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Salinas One Of Just 13 Communities To Receive Project Safe Neighborhoods Grant Award

FOR IMMEDIATE RELEASE
November 1, 2012

SALINAS, Calif. – Salinas was one of just 13 cities throughout the country, the only city in California, to receive a Project Safe Neighborhoods (PSN) Grant Award, United States Attorney Melinda Haag and Salinas Community leaders announced this afternoon at the Salinas City Hall Rotunda. The $500,000 PSN Grant award will help the city continue its reduction in youth and gang violence.

“A total of $4 million was allocated on a national basis for PSN awards. This was a highly competitive grant and only thirteen awards were made in the entire country. This is the only PSN award in the State of California,” U.S. Attorney Haag said. “I want to recognize Mayor Donohue, Chief McMillin, Director Mendoza and Executive Director Brian Contreras as well as the members of CASP for all of your hard work. Your efforts brought this outstanding award to Salinas and the Northern District of California. I look forward working with you on this innovative new violence reduction initiative and continuing to implement Salinas’ Comprehensive Strategy for Community-wide Violence Reduction Plan.”

PSN is a U.S. Department of Justice program designed to create safer neighborhoods through a sustained reduction in crime associated with gang and gun violence. The program’s effectiveness is based on the cooperation of local, state and federal agencies engaged in a unified approach led by the U.S. Attorney in each district throughout the country. PSN focuses on a collaborative approach of local, state and federal law enforcement and local community members to implement gang and gun crime enforcement, intervention and prevention initiatives. Successful PSN initiatives are based on five design features – partnerships, strategic planning, training, outreach, and accountability including data-driven efforts.

The U.S. Attorney’s Office and a constellation of federal agencies have worked collaboratively with Salinas for more than three years to address gun, gang and violent crime through an impressive approach that incorporates all of the core elements of a successful PSN program. The partnership resulted in a 2009 Gang Crime Summit bringing together over 100 senior law enforcement officials from the local, state and federal levels to address gang crime in Salinas. A variety of highly successful enforcement operations have taken place since 2009. The Gang Crime Summit also included a half day meeting with the newly formed Community Alliance for Safety and Peace (CASP). This partnership between the U.S. Attorney’s Office, the community and law enforcement continues as a cornerstone of the PSN program in Salinas.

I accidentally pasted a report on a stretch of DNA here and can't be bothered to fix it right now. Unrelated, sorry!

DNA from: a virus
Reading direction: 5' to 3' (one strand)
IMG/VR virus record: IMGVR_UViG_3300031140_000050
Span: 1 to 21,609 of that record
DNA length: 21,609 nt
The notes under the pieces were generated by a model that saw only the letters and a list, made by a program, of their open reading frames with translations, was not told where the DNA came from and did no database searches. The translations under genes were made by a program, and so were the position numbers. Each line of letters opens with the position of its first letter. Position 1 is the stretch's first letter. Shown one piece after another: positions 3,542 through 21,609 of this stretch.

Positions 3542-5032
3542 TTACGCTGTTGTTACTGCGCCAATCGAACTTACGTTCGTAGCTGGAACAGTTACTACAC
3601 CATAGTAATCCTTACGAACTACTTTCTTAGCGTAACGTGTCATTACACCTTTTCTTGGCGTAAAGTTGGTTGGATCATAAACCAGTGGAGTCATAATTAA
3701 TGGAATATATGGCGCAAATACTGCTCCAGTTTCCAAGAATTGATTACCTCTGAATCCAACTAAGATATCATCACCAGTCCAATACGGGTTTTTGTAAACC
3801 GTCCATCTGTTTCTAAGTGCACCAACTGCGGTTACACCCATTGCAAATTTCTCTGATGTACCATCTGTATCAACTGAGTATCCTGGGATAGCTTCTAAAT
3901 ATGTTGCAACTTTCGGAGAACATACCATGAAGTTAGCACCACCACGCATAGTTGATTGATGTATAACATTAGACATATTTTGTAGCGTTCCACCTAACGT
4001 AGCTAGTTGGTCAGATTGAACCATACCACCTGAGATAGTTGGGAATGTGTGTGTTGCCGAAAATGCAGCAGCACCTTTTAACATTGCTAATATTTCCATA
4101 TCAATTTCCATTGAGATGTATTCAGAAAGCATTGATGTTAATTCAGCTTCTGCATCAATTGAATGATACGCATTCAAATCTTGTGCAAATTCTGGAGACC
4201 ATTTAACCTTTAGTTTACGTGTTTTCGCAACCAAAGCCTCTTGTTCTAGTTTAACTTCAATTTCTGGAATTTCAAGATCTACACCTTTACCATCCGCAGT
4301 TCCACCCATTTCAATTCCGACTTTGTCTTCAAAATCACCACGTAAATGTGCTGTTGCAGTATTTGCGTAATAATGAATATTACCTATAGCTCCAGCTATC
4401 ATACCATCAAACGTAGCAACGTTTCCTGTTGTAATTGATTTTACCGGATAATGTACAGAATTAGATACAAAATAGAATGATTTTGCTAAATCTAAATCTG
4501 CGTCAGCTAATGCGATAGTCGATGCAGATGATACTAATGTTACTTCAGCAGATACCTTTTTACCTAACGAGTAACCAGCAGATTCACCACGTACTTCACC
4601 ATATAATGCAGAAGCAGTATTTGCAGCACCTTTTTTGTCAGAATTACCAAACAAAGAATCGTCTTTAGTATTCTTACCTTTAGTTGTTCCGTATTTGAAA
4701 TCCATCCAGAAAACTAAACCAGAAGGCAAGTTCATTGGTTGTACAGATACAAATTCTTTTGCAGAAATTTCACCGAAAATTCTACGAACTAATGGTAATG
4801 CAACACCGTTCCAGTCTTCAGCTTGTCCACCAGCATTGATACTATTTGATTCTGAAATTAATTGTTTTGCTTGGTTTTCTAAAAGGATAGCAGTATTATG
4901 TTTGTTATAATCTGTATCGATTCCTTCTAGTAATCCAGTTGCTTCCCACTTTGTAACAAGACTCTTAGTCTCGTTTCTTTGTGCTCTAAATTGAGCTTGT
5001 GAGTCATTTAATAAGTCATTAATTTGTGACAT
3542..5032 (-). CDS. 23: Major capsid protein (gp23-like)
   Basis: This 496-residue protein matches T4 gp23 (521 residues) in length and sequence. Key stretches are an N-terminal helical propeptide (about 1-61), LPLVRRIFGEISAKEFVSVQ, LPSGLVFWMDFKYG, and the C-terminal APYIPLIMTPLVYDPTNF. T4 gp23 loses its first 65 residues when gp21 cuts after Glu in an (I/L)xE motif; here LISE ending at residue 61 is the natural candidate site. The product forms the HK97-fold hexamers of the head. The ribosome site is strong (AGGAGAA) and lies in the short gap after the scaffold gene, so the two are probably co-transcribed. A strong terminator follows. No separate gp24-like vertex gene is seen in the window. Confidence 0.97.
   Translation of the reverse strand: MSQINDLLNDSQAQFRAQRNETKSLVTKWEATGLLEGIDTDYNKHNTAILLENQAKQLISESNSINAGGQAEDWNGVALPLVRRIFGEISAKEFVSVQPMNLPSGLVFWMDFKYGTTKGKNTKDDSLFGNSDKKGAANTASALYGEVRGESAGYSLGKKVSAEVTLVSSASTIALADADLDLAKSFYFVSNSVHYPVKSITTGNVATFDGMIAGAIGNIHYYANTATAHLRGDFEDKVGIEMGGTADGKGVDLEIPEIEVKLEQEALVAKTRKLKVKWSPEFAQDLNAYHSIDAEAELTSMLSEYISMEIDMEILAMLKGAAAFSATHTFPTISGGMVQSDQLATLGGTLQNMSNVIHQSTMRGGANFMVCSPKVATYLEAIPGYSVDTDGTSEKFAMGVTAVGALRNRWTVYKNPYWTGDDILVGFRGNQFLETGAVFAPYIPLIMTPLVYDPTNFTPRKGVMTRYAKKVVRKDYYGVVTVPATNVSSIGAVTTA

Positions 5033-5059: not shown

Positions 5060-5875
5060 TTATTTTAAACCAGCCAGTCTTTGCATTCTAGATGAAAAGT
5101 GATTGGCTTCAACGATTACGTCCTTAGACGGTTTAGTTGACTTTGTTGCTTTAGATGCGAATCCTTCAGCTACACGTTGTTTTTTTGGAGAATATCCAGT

This new PSN grant will allow the City of Salinas to continue its efforts in the reduction of youth and gang violence. The city, as a partner of the National Forum on Youth Violence Prevention, joined with CASP to create and implement the Salinas Plan. The Salinas Plan was developed through a collaboration of a diverse, multidisciplinary group with the common purpose of creating a safer and healthier community. The Salinas Plan will continue to address the issue of gang, gun and violent crime using innovative and holistic strategies in the diverse fields of prevention, intervention, enforcement and re-entry, incorporating the partnership with the U.S. Attorney’s Office and federal agencies and engaging the community in a meaningful and robust manner with a particular emphasis on youth.